With Angelynn leading the conversation, we were able to coordinate a co-event between iGEM and a program that Angelynn had already been involved with at her local high school. A few week’s later, Angelynn and two iGEM undergraduates were on the train headed down to San Jose to volunteer at a FAST event (Future Advancers of Science and Technology).

Angelynn’s familiarity with the FAST program, as well as her knowledge of her peers’ background knowledge and interests, was incredibly helpful in guiding our preparation. She helped us prepare the presentation to best engage her classmates, and also recognized that the way we could be most helpful to the students was actually by helping them with their own projects that they had recently started working on.

In addition to sharing a 10 minute overview of our team and project with the 30 students in the FAST bioengineering track, we also fielded questions about our paths to pursuing science. Finally, the program broke out into smaller teams so we could work one-on-one with students to help them brainstorm and ideate different STEM fair projects for the upcoming competition.

This natural extension of the High School Internship Program was an exciting success that we plan to continue with next year.

Presentations to HS Students @UTL

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Draven Rane details some of our data based on students’ questions.

For part of the summer our team co-inhabited the Uytengsu Teaching Lab with students in the Stanford Online High School biology program. As is customary of our community-based lab space, we built a relationship with the program’s lead, Dr. Kristina Vetter.

On one of the last days of the program, four members from our team gave an abridged version of our presentation followed by a 20 minute panel where we fielded questions on everything from further details of our project to how we got inspired to join iGEM.

We also took the time during this presentation to share details on the internship program to get the word out in case students were interested in applying to join the team next summer.

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Members of the Stanford Online High School

RMHS Mentorship

This year, we also mentored the up-and-coming Richard Montgomery High School (RMHS) iGEM Team. They were interested in applying our technology.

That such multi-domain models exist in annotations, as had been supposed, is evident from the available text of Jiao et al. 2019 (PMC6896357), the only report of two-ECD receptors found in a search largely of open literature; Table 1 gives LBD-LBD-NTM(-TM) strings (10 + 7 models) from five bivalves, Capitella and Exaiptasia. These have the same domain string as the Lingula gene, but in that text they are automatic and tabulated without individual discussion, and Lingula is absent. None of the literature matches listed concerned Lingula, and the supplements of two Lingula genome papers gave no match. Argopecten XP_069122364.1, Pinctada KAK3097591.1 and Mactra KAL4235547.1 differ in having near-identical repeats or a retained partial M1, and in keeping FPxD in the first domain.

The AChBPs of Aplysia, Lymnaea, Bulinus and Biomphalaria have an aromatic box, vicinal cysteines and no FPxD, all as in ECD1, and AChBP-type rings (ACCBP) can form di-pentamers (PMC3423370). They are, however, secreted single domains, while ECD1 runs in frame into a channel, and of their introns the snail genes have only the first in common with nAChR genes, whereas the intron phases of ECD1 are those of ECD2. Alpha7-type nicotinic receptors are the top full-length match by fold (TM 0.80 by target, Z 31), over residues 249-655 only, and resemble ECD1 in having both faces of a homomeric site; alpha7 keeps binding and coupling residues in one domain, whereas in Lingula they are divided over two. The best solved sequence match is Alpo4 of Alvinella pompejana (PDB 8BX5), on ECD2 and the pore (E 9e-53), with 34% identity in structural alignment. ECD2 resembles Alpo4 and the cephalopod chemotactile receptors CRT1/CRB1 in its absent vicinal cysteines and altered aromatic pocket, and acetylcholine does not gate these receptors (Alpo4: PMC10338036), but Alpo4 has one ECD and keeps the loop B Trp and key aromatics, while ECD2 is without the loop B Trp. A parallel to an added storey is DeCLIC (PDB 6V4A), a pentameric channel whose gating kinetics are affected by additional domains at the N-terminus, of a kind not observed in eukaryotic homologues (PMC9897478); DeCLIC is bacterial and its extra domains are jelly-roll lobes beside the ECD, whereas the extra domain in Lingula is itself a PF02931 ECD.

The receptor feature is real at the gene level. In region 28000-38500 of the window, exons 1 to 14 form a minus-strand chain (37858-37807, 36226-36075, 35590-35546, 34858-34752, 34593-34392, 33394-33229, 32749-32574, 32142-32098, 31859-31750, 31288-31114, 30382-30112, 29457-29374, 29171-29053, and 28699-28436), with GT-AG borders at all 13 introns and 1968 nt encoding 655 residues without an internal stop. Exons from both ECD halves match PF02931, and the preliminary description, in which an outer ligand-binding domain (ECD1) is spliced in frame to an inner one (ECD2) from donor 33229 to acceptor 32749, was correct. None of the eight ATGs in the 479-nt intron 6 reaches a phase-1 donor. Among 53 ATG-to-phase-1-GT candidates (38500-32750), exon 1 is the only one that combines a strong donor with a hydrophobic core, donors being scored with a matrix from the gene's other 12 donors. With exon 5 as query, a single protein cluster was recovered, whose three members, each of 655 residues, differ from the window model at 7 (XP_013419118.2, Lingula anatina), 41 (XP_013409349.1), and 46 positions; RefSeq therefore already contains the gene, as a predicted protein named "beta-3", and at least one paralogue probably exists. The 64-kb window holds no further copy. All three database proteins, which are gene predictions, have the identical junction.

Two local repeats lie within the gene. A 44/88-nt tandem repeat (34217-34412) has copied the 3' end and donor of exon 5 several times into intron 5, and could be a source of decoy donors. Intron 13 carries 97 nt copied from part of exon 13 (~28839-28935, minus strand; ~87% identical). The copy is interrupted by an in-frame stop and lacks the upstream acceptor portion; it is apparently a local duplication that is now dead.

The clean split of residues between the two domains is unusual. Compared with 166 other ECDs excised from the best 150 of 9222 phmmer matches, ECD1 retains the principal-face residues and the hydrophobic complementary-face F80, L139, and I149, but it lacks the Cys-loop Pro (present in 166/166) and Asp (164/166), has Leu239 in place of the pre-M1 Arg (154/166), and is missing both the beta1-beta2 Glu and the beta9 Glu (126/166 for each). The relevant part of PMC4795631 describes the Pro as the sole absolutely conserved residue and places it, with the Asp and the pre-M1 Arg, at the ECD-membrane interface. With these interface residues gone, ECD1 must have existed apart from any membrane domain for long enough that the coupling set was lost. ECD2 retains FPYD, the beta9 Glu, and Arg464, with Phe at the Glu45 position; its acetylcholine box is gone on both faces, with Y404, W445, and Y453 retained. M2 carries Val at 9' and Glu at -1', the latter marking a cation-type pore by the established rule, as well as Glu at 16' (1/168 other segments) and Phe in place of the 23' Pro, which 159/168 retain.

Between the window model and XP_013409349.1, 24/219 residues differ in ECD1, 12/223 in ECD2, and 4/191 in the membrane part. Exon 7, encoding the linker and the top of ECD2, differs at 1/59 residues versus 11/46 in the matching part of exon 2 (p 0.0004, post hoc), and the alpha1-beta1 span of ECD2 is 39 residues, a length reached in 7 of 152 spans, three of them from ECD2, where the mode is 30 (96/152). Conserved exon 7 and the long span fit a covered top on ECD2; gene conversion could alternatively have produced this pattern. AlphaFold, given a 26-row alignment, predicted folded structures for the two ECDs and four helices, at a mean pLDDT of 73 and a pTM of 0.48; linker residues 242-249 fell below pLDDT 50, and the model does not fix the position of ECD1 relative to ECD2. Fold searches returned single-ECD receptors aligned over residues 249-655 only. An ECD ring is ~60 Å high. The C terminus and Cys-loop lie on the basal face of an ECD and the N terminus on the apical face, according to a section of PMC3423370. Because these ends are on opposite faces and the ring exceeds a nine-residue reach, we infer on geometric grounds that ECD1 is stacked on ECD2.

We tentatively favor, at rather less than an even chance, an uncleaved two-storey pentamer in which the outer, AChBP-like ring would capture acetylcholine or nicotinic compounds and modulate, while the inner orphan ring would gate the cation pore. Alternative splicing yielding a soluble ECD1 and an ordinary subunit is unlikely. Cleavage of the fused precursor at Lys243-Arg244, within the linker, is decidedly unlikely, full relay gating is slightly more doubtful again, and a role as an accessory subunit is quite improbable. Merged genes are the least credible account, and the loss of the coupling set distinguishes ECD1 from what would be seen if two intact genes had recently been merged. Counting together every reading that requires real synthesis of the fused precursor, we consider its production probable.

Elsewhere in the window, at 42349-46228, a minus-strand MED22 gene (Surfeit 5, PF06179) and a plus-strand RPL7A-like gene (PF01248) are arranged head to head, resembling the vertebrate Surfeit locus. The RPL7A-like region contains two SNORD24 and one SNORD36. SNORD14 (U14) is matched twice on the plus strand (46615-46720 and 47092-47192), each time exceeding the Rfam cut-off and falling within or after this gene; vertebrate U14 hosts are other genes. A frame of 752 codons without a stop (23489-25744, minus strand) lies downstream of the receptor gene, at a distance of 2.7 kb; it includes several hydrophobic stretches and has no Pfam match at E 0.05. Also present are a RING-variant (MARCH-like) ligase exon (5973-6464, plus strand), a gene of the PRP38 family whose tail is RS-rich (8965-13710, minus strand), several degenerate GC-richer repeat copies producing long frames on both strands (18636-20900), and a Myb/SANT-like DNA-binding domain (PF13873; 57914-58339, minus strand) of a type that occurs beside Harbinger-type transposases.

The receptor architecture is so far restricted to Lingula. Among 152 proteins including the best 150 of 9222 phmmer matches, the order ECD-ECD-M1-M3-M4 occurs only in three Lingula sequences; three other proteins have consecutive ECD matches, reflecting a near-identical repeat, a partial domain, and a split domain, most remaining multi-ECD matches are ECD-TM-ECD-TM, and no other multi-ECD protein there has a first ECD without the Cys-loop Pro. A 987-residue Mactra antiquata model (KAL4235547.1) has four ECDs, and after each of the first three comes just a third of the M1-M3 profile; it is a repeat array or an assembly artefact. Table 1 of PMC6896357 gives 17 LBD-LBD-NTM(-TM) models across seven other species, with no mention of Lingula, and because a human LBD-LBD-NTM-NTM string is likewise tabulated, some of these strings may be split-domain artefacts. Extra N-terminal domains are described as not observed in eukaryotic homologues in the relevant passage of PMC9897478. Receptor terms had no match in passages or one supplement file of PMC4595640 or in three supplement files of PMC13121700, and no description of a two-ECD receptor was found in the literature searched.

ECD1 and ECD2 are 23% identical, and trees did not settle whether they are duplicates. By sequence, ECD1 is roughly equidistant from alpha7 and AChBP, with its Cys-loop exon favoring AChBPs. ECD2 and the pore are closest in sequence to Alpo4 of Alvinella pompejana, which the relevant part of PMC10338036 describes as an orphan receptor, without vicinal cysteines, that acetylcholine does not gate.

Upcoming Events

We are in the midst of planning two additional events, one in late fall and another mid winter. The first of these two events will be a Wetlab Workshop hosted by BIOME, our larger student group. We are still in the planning phase but hope to create a meaningful experience for people that balances weltab, content delivery, and meaningful experimental results that hopefully are not already predetermined. This event will be aimed at engaging frosh with bioengineering and to raise interest in BIOME.

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The second event will be an infosession for iGEM similar to what we put together last year. We want to make sure that we reach as many people as possible with this opportunity, hopefully expanding beyond the immediate engineering department. We recognize the value of an interdisciplenary team and want to make sure to emphasize the well-roundedness of the iGEM experience to engage a variety of students.

Information about these events will be available on our student group’s website,

Looking Forward

Our team is incredibly excited for the 2020 iGEM Internship Program. We’ve decided as a team that three interns each summer is the perfect number to balance our time, and we are looking forward to going through the outreach and recruitment process beginning again in the spring!

We were not expecting the Internship Program to be the leading component of our team’s outreach efforts this year; however, due to the high school students direct connections to and familiarity with local high school students, the program ended up being a critical pillar that guided and enriched outreach across the board.

We hope that the resources on this page can help other iGEM teams to launch similar programs in order to both increase person-power for their teams, and most importantly, engage a larger population with hands-on genetic engineering. We would be happy to assist any teams that reach out to us with questions about our process or about any of the resources provided on this page. See our contact information at the bottom of this page.

As we gear up for the 2020 iGEM Internship Program, this time around we’ll be equipped with resources to ease the program approval and outreach processes, constructive feedback on what to maintain versus improve from last year, and even a few descriptions of the program in the interns’ own words to add to our flyer for next year:

“At iGEM, I was able to be an active and engaged part of a genetic engineering research project with Stanford undergraduates. The program is exciting and pushes scientific boundaries with the support of Stanford’s amazing research facilities. To be involved in such cutting-edge research as a high schooler is unparalleled.”
“iGEM is a great way to determine if you like bioengineering, build experience with basic lab work, and advance your research and writing skills!”
“The iGEM internship program is an immersive research experience that provides authentic insight into synthetic biology research and teaches critical lab/problem solving skills. Mentorship happens under the guidance of a fun team that is open to sharing the research process and answering questions along the way.”
Irene, Elena and Angelynn (our three interns), followed by Alec, Ayush, Draven, Sunnie, and Conrad—the 2019 Stanford iGEM team.